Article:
As Ohio employment retaliation lawyers, We often receive calls when an employee has been retaliated against for opposing or reporting their employer’s unlawful discrimination. We’ll spend this blog detailing how Title VII of the Civil Rights Act of 1964, as amended (which prohibits employment discrimination based upon race, color, gender [pregnancy], religion, or national origin) also prohibits employers from retaliating against employees in certain instances. Remember … Title VII applies to employers with 15 or more employees.
Title VII prohibits workplace retaliation against employees who file charges, testify, assist, or participate in any manner in an investigation or proceeding under Title VII – this is known as the “Participation Clause.” Title VII also prohibits an employer from retaliating against employees who oppose any practice which was made unlawful under Title VII – this is known as the “Opposition Clause.” In addition, Title VII protection from retaliation extends to those persons not directly involved in the protected activity who are so closely related to or associated with the employees who are directly involved if it’s clear the protected activity motivated the employer to retaliate.
When an employee seeks to prove their case of workplace retaliation under Title VII’s Participation Clause they must generally establish that: (1) they engaged in a protected activity, (2) they subsequently suffered an adverse employment action, and (3) the totality of the circumstances permit an inference of a retaliatory motive. As in employment discrimination cases, the employer then has the burden of showing it had a legitimate and non-retaliatory reason for the adverse employment action. Assuming the employer meets its burden (which it will because no employer is going to admit to retaliating), the employee must then prove that the employer’s stated reason was merely pretext for its unlawfully motivated decision.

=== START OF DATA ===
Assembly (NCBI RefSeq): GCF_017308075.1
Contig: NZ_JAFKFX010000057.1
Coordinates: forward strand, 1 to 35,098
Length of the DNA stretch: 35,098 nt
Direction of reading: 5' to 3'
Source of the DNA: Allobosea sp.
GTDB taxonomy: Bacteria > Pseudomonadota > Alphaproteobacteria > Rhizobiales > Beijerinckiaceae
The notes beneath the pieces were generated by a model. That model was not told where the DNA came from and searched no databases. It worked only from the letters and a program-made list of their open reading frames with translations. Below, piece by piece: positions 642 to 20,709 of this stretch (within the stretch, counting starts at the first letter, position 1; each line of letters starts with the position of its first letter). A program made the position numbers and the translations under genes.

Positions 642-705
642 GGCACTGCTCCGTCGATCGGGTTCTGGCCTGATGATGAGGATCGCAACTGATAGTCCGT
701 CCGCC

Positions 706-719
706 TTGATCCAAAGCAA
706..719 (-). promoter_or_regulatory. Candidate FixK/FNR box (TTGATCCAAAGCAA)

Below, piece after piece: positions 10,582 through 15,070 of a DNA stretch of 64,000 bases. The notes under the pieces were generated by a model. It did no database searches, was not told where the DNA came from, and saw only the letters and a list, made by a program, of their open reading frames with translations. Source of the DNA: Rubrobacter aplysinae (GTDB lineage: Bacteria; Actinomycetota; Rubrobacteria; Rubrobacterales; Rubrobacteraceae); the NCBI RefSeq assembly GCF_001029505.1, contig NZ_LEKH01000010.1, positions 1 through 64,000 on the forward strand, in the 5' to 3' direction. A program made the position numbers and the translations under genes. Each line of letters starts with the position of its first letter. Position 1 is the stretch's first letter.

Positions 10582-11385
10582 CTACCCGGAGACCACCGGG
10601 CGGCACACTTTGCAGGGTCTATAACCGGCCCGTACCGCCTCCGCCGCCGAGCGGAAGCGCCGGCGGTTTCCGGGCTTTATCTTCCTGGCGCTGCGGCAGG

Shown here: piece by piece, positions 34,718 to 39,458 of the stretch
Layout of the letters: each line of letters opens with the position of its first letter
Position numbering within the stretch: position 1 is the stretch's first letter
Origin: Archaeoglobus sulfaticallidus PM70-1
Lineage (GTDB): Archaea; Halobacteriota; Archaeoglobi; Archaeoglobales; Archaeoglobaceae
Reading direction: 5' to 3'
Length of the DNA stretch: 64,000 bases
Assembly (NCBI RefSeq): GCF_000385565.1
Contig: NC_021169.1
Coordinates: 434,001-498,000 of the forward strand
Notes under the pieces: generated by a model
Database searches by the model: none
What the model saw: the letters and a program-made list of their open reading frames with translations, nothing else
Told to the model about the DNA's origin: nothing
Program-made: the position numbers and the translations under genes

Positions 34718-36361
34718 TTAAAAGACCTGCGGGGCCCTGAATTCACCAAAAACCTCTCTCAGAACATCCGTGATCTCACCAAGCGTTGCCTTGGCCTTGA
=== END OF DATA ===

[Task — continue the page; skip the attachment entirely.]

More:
As for the Opposition Clause, the employee does not have to prove that the opposed practice was actually unlawful in order for the employee to be protected from retaliation under Title VII. In other words, an employee doesn’t have to prove they have actually suffered unlawful discrimination by their employer in order for the employee to be protected from retaliation. Instead, the employee must only reasonably believe they were opposing unlawful action by their employers.
In addition to protection from retaliation under Title VII, Ohio Revised Code Chapter 4112 also protects employees of employers (that have 4 or more employees) from retaliation. In particular, R.C. 4112.02(I) makes it unlawful for any person to discriminate against another person merely because they have opposed a discriminatory practice or because they made a charge or participated in a proceeding or investigation under R.C. 4112.
If you believe your employer has retaliated against you for opposing discrimination, it is important to contact our Ohio employment retaliation lawyers to discuss the circumstances of your employment. In addition, it is advisable to make all communications opposing an employer’s discriminatory practices in writing so as not to permit any argument whether you have actually engaged in a protected activity. Should you have any questions contact our Ohio employment retaliation lawyers to discuss the circumstances of your employment.